Augusta Urban Ministries could lose funds

North Georgia Methodists plan to scale back on charitable giving in a midyear budget reduction up for a vote today.


A $1 million reduction to the North Georgia Conference's 2009 budget could stymie charitable giving and other areas of ministry, said Jim Showman, a lay delegate of the Augusta District of the United Methodist Church.

He and 3,000 other Methodists are meeting in Athens, Ga., this week for an annual conference that ends Thursday. The event was shortened by a day this year to save money.

Mr. Showman says only 78 percent of member churches last year paid their full apportionments, the contributions the churches make to support the denomination and its programs.

"Without them, we have to make cuts," he said.

A midyear vote for a budget cut is unusual, said Sybil Davidson, a communication assistant with the conference. "It's the first time in anyone's memory we've had a reduction in a current budget."

In addition to the reduction, Methodists will also vote on a $25.9 million budget for 2010, which is $342,000 less than the approved 2009 budget.

The midyear reduction and 2010 budget could leave groups such as Augusta Urban Ministries scrambling. Although the denomination allocated $43,000 to the group in 2009, Augusta Urban Ministries expects to receive less than half that, about $21,000, by the end of the year, Director Rick Herring said.

The monthly allotments subsidize programs such as the ministry's furniture bank, which supplies free furniture and appliances for people in transition.

"Some of it's donated, but some of it we have to buy, like new beds and mattress sets," Mr. Herring said. "We're finding now that that's not something we can afford."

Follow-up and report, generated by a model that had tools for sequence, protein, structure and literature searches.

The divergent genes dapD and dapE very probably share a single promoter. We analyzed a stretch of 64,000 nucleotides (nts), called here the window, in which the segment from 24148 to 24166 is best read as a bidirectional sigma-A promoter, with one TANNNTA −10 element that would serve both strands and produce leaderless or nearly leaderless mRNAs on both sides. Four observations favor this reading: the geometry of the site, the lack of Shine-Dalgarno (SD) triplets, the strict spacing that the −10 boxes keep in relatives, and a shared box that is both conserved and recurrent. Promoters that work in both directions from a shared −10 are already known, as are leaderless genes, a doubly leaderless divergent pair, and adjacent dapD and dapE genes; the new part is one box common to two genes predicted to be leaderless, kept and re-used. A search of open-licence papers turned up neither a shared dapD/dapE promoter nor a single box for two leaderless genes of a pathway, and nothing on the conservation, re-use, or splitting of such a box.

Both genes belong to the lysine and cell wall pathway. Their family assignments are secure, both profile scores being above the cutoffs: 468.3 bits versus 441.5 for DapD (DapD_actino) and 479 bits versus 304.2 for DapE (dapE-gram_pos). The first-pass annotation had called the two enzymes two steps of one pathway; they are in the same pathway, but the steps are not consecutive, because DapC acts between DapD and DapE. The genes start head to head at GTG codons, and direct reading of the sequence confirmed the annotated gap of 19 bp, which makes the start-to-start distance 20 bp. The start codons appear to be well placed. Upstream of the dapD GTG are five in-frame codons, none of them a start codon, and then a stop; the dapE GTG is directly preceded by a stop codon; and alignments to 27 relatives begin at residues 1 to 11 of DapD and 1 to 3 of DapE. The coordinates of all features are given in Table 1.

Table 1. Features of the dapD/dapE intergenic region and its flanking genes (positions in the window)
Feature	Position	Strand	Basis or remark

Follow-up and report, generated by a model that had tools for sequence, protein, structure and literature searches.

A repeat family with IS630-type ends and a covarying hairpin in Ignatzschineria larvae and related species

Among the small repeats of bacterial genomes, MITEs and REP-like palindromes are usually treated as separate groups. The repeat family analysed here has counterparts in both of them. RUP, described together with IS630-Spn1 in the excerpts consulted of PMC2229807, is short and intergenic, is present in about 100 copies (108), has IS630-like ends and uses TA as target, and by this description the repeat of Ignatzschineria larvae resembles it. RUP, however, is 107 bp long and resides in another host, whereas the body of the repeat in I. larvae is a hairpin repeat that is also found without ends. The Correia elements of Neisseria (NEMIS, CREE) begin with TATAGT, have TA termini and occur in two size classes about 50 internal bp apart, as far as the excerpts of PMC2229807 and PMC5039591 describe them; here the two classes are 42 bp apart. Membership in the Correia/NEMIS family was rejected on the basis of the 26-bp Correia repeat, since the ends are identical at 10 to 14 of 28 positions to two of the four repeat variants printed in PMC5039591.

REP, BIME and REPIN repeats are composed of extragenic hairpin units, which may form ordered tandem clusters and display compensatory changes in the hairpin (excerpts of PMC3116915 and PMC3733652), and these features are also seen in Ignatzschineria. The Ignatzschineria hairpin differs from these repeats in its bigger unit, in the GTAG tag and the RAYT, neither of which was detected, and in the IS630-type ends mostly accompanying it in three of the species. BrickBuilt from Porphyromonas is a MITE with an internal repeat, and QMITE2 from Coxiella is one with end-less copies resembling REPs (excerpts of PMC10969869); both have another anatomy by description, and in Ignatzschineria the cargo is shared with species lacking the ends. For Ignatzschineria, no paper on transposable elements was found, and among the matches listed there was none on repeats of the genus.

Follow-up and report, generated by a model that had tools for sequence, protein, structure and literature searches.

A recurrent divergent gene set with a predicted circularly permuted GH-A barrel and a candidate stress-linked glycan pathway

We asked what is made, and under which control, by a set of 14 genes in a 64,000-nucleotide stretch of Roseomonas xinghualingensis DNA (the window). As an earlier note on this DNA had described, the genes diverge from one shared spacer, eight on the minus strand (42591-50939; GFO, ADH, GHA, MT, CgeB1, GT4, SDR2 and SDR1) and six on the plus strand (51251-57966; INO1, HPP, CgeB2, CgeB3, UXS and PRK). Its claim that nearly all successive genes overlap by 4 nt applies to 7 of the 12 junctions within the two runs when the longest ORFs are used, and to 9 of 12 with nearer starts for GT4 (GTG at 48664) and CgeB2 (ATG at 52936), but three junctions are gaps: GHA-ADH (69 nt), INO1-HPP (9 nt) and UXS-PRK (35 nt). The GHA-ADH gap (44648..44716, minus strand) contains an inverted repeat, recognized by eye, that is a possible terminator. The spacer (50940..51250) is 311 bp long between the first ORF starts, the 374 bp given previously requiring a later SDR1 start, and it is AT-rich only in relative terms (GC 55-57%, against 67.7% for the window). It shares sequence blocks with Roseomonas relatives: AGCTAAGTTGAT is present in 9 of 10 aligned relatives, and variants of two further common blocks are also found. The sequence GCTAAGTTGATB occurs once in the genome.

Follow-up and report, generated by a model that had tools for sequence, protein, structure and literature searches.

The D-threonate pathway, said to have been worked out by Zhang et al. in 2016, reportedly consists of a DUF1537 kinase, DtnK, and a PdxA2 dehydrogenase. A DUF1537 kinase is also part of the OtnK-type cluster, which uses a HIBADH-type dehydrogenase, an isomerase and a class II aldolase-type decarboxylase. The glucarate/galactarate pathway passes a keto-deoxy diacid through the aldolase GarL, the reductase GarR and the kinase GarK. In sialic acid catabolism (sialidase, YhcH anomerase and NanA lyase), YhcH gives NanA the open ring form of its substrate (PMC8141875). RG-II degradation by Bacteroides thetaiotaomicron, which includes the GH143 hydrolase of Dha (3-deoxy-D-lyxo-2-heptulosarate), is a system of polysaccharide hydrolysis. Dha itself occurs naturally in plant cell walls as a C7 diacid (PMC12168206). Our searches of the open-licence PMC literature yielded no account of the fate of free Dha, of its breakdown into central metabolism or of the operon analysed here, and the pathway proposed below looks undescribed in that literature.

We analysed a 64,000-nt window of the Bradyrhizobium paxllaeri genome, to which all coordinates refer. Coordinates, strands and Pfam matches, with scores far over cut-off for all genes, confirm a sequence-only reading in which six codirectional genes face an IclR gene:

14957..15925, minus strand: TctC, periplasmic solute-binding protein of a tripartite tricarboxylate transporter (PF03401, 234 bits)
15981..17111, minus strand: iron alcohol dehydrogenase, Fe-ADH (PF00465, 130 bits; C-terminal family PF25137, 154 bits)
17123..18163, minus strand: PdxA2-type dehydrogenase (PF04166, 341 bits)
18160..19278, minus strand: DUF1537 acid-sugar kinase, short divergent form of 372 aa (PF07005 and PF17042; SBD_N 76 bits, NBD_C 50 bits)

Mr. Herring said he hopes Methodists will reverse course and restore some of the funding for 2010, but that doesn't seem likely, said Jim Dickens, the president and chief executive officer of Action Ministries, the Atlanta-based nonprofit that created Augusta Urban Ministries.

Contributions from the denomination make up about 15 percent of Augusta Urban Ministries' funds. The rest comes from a few government grants and private donations, which are also falling, Mr. Dickens said.

"We're nowhere near what we were pledged. People aren't saying no; they're saying they just need more time," he said.

Mr. Herring says he isn't sure of the long-term impact of the cut. The group relies on volunteers to help with the Hale Street furniture bank and other outreaches, including transitional housing, a coat and blanket drive, and a service that prepares state and federal taxes for low-income and elderly clients.

"The people who need help the most are the ones affected by this," Mr. Herring said. "In a faith-based term, it's the least among us."

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